Hidden Oaks Nature Center – Redux

All photos by Jerry Nissley

The day I visited the newly renovated Hidden Oaks Nature Center (HONC) the primary parking lot was full so I drove around to the secondary lot, which only added about 75 yards to my walk to the Nature Center. Had the primary lot not been full I would have missed the delightful new Storybook Trail. The trail provides stations along the way that tell a story about two friends – a chipmunk and a squirrel, with pictures and paragraphs. The flip side of the station signs provide fun facts about the critters.

New pond area

In a way, this concept incapsulates what the park is all about. HONC creatively makes everything a learning experience without overtly stating, ‘Now children, this is an educational experience, blah, blah, blah”. All the children I saw were having fun and deeply engaged with whatever activity they were involved with. While I was there, according to their identical multi-colored t-shirts, two summer camp groups were visiting. One in the outside learning center and another experiencing the indoor facilities. Outside a younger group was being read a story fully supported with visual aids; I saw a fox and a squirrel in a frenzied action sequence controlled by the puppeteer all approved by chortles and guffaws of children.
Inside a preteen group was immersed in viewing several terrariums and aquariums housing different Virginia native reptiles, amphibians, insects, and fish.

Inside critter room with day camp group

Hidden Oaks Nature Center is nestled inside the 52-acre Annandale District Park. You’ll find live animal displays, exhibits, a pond, creeks, ADA compliant woodland trails, gardens, play areas, a rain garden and a resource library. In 2019 artisan Andrew Mallon was commissioned to carve a wildlife tree sculpture utilizing the 10’ high tree stump left after a poplar tree was struck by lightning right outside of the Nature Center. The fabulous carvings creatively depict 11 animals native to the park.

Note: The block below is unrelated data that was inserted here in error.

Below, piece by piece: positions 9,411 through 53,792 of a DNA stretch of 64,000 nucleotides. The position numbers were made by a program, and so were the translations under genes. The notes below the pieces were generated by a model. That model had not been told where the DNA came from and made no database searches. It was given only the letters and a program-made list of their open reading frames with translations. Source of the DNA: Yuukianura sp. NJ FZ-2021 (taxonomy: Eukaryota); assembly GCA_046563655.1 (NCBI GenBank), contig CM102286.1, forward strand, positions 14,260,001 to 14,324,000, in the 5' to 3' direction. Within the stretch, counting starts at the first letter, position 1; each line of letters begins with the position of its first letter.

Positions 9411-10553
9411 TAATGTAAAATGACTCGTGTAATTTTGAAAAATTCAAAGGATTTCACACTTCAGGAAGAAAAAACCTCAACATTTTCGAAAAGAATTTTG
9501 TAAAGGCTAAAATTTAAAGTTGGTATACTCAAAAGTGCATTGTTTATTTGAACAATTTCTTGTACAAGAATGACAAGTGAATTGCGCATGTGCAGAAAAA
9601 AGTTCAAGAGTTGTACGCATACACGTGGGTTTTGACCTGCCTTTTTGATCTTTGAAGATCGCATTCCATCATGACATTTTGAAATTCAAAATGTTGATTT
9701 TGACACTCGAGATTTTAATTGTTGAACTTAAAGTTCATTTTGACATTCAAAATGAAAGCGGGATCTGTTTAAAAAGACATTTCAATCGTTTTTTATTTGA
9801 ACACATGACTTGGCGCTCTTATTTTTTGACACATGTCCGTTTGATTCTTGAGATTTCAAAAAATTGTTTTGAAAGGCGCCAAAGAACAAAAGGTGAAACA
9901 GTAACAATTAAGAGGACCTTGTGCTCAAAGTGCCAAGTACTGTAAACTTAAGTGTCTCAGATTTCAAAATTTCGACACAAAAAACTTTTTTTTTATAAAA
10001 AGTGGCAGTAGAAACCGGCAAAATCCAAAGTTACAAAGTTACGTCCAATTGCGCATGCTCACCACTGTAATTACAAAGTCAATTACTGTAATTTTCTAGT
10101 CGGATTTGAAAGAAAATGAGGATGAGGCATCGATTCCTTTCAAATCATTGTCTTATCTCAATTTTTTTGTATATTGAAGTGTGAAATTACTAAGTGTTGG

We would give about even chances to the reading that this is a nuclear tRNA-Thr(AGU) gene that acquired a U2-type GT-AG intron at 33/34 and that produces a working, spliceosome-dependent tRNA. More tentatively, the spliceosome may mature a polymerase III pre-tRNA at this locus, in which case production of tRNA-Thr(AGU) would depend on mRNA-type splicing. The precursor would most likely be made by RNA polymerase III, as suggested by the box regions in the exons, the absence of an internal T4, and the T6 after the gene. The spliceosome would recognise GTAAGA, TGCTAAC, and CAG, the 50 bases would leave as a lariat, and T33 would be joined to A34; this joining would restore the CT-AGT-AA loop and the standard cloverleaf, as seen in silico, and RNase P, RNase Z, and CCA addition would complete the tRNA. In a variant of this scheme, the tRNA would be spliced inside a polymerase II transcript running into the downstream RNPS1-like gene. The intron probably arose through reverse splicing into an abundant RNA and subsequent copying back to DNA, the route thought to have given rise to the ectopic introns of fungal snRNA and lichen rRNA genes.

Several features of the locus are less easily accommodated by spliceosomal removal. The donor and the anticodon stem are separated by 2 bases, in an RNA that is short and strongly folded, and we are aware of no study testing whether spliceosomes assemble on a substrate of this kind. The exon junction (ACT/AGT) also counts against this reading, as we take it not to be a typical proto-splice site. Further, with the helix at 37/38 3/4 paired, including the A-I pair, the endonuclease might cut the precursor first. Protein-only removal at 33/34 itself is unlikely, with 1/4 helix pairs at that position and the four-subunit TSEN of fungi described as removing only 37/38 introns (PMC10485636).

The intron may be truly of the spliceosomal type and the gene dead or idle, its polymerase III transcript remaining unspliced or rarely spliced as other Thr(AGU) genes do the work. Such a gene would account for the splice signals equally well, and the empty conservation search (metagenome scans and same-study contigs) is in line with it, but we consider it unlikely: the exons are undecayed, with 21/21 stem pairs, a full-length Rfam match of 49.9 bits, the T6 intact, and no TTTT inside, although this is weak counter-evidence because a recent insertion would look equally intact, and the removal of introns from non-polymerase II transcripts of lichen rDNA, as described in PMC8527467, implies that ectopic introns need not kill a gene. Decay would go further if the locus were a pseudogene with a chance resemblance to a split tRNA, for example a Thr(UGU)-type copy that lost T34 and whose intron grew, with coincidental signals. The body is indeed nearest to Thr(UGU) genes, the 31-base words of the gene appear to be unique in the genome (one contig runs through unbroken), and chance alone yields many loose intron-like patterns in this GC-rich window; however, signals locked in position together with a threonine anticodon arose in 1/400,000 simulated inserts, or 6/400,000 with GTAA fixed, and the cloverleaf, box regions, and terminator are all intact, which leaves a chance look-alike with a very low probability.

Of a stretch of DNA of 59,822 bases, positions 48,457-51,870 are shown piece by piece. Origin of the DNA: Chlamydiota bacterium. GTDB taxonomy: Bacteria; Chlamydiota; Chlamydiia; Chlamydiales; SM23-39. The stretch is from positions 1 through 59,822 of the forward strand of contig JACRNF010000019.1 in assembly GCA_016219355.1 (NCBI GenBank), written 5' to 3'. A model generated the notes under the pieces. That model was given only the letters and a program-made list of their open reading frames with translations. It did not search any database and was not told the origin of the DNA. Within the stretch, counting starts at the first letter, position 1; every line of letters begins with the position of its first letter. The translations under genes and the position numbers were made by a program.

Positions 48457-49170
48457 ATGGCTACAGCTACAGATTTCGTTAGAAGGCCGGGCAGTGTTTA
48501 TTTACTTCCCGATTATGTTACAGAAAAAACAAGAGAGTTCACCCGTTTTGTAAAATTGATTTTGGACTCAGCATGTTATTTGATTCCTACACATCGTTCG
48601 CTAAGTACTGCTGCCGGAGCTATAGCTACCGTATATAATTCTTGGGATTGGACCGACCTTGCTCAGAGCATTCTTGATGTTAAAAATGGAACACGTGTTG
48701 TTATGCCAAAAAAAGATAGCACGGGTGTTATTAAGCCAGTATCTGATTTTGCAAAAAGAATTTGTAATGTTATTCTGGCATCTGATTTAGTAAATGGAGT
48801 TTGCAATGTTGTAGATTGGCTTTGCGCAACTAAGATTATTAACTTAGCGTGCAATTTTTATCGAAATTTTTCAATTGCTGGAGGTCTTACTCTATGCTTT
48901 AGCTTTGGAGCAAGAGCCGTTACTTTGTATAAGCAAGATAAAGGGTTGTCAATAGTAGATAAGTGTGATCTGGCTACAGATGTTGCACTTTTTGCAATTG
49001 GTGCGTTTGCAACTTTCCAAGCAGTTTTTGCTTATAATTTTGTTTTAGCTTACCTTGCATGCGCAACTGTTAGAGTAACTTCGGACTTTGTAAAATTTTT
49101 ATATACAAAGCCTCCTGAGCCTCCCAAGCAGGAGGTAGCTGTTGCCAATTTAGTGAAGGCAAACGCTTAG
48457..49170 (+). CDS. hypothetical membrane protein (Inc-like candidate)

Closeup of new pond

The $2.1 million expansion to the Nature Center provides new rooms to host community events, freshly designed creature displays, bilingual reading corner, and ADA compliant restrooms. Improvements to the park grounds include a short interpretive nature trail, updated outside creative play area, ‘The Nature Playce’, and a newly designed pond. The formal grand opening was held last weekend, 16 July 2022, with much fanfare, speeches, Bolivian dancers, ribbon cutting, and fun activities for all.

New pond resident

Sure, HONC may be geared towards the children’s learning experience but I didn’t want the storybook to end.

For more park info and a Flickr review of the grand opening check out the following link. Once on the park site, scroll down for the Flickr show.

Hidden Oaks Nature Center

1 reply
  1. Suzanne Holland
    Suzanne Holland says:

    Thank you Jerry for this terrific article. I am especially pleased that you enjoyed the new Storybook Trail. We are hoping to encourage visitors from many cultures to visit. The Storybook Trail is trilingual as it features Spanish and Korean translations. We appreciate Transurban Express in supporting its development. The QR Woodland Animal Trail along the Old Oak Trail is in English and Spanish. Hope to see you -and other FMNs- along the trails and at Hidden Oaks again soon!
    Suzanne Holland, Visitor Services Manager Hidden Oaks

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